No More Holiday Busywork - Creating Thoughtful Holiday Lessons

There are pumpkins everywhere you look, costume plans are being discussed on social media, and the shops are filled with holiday goodies. In the classroom, students are ready - more than ready - for Halloween. They are certain to be engaged in anything to do with ghosts, horror houses, black cats or chocolate!

Do you bring Halloween - or other holidays and celebrations - into your classroom or not? You could say no, stick with regular lessons, insist that holidays are an 'out of classroom' thing. Or you could fall into a Pinterest spiral and plan All The Activities.

However, when it comes to holidays and celebrations, it can be really easy to fall into 'busywork' - worksheets with vague connections to the holiday or the work being covered in the classroom or craft activities which look fabulous, but don't really offer a lot of learning for middle grade students.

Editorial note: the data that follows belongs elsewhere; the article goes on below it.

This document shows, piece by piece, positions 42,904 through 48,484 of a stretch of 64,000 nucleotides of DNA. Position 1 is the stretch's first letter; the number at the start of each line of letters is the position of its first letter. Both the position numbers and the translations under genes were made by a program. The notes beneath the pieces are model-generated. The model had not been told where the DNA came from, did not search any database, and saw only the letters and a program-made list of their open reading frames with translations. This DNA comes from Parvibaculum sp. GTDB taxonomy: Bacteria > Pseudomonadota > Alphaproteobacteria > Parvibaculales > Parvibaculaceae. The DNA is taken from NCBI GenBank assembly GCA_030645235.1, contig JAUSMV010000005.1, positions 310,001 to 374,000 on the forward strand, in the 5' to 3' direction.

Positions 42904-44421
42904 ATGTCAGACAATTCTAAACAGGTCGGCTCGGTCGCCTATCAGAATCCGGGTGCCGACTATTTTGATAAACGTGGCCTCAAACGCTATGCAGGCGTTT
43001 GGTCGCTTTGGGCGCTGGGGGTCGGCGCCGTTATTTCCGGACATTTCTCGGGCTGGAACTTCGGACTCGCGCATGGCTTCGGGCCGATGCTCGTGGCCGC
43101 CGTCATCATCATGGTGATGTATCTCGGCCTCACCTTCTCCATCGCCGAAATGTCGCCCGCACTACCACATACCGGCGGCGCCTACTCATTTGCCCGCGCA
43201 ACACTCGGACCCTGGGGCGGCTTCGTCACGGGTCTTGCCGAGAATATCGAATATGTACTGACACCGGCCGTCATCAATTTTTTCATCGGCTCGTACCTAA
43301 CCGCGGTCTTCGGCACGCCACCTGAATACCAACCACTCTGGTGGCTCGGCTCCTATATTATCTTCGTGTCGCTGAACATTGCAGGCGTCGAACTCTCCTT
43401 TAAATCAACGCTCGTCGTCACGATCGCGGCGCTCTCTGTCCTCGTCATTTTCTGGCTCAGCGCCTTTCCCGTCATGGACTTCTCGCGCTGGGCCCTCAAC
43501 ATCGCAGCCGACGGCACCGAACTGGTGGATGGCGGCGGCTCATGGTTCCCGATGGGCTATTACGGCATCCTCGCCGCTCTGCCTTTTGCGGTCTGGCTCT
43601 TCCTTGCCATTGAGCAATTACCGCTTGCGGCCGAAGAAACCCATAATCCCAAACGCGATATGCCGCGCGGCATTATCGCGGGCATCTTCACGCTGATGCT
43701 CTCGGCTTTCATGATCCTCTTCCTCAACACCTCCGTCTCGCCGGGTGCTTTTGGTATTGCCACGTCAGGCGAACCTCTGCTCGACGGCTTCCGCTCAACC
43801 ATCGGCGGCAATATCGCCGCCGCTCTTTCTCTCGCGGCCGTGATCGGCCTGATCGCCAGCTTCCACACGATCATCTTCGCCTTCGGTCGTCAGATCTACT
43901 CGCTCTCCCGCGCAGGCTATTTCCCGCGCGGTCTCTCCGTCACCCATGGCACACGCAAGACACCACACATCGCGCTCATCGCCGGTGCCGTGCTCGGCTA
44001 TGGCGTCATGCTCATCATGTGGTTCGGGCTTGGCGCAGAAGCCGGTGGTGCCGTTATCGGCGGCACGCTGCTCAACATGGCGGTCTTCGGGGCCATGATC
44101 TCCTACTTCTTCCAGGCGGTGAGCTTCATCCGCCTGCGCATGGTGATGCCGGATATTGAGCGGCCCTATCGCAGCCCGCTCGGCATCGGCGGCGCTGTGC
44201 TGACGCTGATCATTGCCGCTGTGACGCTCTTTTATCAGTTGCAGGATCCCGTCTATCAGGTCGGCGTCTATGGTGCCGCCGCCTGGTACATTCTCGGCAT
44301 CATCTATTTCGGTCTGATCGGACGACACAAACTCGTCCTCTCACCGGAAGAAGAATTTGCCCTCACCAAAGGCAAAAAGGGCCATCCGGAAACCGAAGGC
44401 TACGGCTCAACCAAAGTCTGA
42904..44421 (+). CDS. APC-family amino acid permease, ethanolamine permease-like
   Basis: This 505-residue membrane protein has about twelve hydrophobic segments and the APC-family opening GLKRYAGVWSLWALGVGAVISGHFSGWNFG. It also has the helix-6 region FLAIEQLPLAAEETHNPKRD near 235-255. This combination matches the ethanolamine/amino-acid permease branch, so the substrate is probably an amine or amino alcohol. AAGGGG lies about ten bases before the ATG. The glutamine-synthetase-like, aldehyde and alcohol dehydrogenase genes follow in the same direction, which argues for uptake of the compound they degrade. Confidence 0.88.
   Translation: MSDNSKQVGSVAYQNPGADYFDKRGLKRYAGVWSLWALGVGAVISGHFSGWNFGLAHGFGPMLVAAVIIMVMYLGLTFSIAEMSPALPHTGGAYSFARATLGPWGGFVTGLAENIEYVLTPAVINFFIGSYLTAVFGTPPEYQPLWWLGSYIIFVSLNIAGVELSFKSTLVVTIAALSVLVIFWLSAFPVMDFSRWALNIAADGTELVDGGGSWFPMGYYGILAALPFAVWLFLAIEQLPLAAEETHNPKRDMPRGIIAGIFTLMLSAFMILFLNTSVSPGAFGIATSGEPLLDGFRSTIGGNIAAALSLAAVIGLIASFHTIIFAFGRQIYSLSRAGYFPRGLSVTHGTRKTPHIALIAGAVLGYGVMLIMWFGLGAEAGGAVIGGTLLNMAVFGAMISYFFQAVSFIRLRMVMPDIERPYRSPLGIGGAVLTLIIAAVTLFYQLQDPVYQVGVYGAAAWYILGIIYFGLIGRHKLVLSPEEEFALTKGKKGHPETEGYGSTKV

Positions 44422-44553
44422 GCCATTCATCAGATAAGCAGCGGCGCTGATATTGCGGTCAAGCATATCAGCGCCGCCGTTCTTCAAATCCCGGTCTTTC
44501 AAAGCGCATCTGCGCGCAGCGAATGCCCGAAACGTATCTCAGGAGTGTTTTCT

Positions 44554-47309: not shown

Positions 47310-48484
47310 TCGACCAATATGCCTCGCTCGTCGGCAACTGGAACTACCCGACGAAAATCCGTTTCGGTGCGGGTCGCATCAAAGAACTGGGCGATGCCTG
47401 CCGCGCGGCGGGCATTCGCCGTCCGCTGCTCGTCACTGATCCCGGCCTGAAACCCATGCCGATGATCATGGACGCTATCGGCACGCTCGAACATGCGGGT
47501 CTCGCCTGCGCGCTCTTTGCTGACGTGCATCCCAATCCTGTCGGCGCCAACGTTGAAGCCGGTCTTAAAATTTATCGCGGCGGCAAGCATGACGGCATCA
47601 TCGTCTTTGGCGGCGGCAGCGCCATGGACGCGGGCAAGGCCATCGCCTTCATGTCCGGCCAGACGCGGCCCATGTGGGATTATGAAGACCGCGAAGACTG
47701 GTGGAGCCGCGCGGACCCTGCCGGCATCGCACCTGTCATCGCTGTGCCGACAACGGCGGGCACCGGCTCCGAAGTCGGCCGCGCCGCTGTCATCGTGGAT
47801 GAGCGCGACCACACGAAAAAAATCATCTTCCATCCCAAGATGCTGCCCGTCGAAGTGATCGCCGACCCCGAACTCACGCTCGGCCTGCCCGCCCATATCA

No More Holiday Busywork

Busywork can provide links between holidays and the classroom, and they can keep students engaged and . . . well, busy. But are they the best way to mix celebrations and learning? Can teachers find better ways to mix holidays and curriculum?

One alternative option is Integrated Learning - searching for the deeper learning possibilities when connecting holidays with different learning areas. Sitting down with a pen and paper (or laptop or tablet!) to brainstorm connections, can leave you with some surprising - and fantastic - learning opportunities.

For example - here's a Halloween brainstorm:

No more holiday busywork

These activities all offer opportunities for engaging, thoughtful learning - perfect for making any celebration memorable in your classroom.

Tips for Integrated Learning Planning

  • You don't need to use all your ideas at the same time. Store some for later, share them with colleagues. Too much can be overwhelming for both you and your students.
  • Try brainstorming in a team - bouncing ideas off each other can lead you in all sorts of interesting directions.
  • Keep any required standards on hand.  These can feel limiting, but the challenge of working with them can also be motivating - who doesn't like a challenge.
  • Enjoy the celebrations!